Today I was in the process of polishing up a political piece that I was writing about everything and nothing. I wasn’t happy about what I’d written. The whole article had become a chore and it had drained the creativity from me like I was taking large doses of Benadryl chased down with Chamomile Tea. I thought that I’d done the research properly and I thought that each part of the piece was something that I was passionate about. It was as if I was forcing myself to place an importance (that I could almost grasp) onto my writing in such a way that I’d be happy with the final outcome.
I remained unsatisfied until I decided that it was best to scrap the entire thing. Hours were put into this work that would never see the light of day, but ridding myself of its weight felt better than letting out what wasn’t me, what wasn’t there.
I don’t want to write if I don’t have that Aha! moment. I’m not saying that I won’t write unless I’m happy – some of the greatest works were written in states of anxiety and depression going back to the time of King David’s Psalms. It just has to mean something, it has to be authentic and not a contrived process of putting together other men’s ideas into my own work. The political piece that I was writing had turned into a conglomerate of things that others had already said in thousands of other articles scattered about the world. I was taking these ideas (most of which had already been teased out to their limits) and repeating them in some monotonous game of political warfare that doesn’t even exist. I couldn’t bring myself to finish what I had started. I’d been there, done that – and in the end it had gotten me nowhere.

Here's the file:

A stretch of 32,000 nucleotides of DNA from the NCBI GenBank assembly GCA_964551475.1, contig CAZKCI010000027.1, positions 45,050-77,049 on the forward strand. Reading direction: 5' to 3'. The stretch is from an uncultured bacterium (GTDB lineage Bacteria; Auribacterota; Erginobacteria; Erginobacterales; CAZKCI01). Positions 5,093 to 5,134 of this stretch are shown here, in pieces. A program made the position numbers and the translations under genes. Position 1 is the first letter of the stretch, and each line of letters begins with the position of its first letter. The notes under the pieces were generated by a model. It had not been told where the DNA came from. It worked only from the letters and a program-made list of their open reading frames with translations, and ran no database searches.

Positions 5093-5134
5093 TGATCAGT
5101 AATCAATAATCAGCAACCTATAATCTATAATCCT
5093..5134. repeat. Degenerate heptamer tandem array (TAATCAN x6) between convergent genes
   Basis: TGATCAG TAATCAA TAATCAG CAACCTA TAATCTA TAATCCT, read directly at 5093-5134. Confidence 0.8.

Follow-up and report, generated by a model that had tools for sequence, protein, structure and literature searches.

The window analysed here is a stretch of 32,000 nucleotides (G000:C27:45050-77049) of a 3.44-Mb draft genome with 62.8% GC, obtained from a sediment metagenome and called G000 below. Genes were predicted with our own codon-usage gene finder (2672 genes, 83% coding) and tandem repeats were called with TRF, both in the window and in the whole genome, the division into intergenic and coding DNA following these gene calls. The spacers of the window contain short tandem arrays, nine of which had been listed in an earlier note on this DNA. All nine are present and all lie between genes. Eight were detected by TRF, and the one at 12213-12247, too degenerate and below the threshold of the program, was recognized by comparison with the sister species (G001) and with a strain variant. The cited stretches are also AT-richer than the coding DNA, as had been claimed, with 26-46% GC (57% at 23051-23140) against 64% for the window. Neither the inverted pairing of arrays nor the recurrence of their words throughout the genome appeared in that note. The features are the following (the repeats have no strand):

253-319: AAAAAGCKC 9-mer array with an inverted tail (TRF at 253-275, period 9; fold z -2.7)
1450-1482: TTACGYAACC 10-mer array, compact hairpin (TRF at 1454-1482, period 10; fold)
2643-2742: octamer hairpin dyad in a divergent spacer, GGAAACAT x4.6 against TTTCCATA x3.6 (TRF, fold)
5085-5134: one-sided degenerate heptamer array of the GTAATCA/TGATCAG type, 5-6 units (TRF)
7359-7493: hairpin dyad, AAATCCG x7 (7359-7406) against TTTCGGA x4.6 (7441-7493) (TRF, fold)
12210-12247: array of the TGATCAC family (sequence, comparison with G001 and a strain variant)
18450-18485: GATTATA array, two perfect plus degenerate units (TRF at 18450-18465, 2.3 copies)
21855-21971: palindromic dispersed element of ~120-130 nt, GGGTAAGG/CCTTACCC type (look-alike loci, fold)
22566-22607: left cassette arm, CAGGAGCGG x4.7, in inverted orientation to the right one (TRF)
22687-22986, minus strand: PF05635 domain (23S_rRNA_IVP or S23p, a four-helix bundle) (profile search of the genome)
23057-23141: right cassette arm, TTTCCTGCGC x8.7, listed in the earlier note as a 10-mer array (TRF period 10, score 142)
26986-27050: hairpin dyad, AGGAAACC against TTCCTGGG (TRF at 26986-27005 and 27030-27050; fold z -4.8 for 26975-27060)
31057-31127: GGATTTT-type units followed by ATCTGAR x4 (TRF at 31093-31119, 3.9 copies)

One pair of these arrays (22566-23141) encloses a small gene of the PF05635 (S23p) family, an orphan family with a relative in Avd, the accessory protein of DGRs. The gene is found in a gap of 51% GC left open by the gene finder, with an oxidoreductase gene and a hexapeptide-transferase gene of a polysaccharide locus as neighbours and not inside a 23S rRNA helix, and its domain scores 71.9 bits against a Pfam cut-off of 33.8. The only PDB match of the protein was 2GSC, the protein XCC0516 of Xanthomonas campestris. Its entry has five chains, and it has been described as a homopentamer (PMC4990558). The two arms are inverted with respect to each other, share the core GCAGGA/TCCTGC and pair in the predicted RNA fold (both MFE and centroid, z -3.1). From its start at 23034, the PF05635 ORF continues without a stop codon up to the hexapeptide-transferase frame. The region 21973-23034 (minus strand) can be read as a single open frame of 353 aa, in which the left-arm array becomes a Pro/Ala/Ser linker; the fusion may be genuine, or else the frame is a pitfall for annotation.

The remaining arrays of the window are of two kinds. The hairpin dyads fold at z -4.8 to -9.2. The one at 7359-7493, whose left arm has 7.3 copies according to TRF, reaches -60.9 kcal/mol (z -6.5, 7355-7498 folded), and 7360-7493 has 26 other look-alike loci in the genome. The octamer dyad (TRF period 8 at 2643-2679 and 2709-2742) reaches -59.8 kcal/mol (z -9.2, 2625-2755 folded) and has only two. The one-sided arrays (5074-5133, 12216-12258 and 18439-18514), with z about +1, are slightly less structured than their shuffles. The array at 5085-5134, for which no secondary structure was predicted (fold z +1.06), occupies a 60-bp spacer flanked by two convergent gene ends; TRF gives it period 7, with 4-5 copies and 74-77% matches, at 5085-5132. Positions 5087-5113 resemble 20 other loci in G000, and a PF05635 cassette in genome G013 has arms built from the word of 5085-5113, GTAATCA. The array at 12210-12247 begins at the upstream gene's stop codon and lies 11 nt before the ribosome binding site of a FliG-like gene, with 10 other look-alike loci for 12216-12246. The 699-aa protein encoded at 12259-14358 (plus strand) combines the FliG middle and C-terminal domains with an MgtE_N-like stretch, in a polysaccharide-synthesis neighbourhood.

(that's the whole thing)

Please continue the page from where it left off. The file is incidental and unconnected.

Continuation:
I don’t know if it’s possible to write anything that’s never been explored, but to be true to your uniqueness is certainly something that can never been explored by anyone but yourself. All forms of writing can be both authentic and contrived depending on the writer. I’ve found that my place in this game isn’t to continue down the path of a political pundit or to talk of breaking news that’s currently subjecting the world to its fair share of torment, unless that path leads to something real.
I will die one day, as every man does. Anything that I leave behind will contain an essence of the man who was. Essence will be far more important, in the end, than any controversial debating on subjects I’ve spent too much time on, yet still have little knowledge of. I will leave these tasks to those who are paid to do so, because even the best of these pundits find little joy in their work. They find no clarity. They gain little or no astuteness regarding the human condition. Their only asset is to provide us with links that act as rebuttals to other links that we don’t agree with.
If the Romans or Egyptians had the internet during their reigns, we would be bored silly reading the exaggerated prose in regard to the politics of their day, but we feel as if some future generation will care about what a politician said regarding climate change in 1997. I’ve decided not to play that game unless I have something new to add. I’m opting out on becoming another cog in the machine.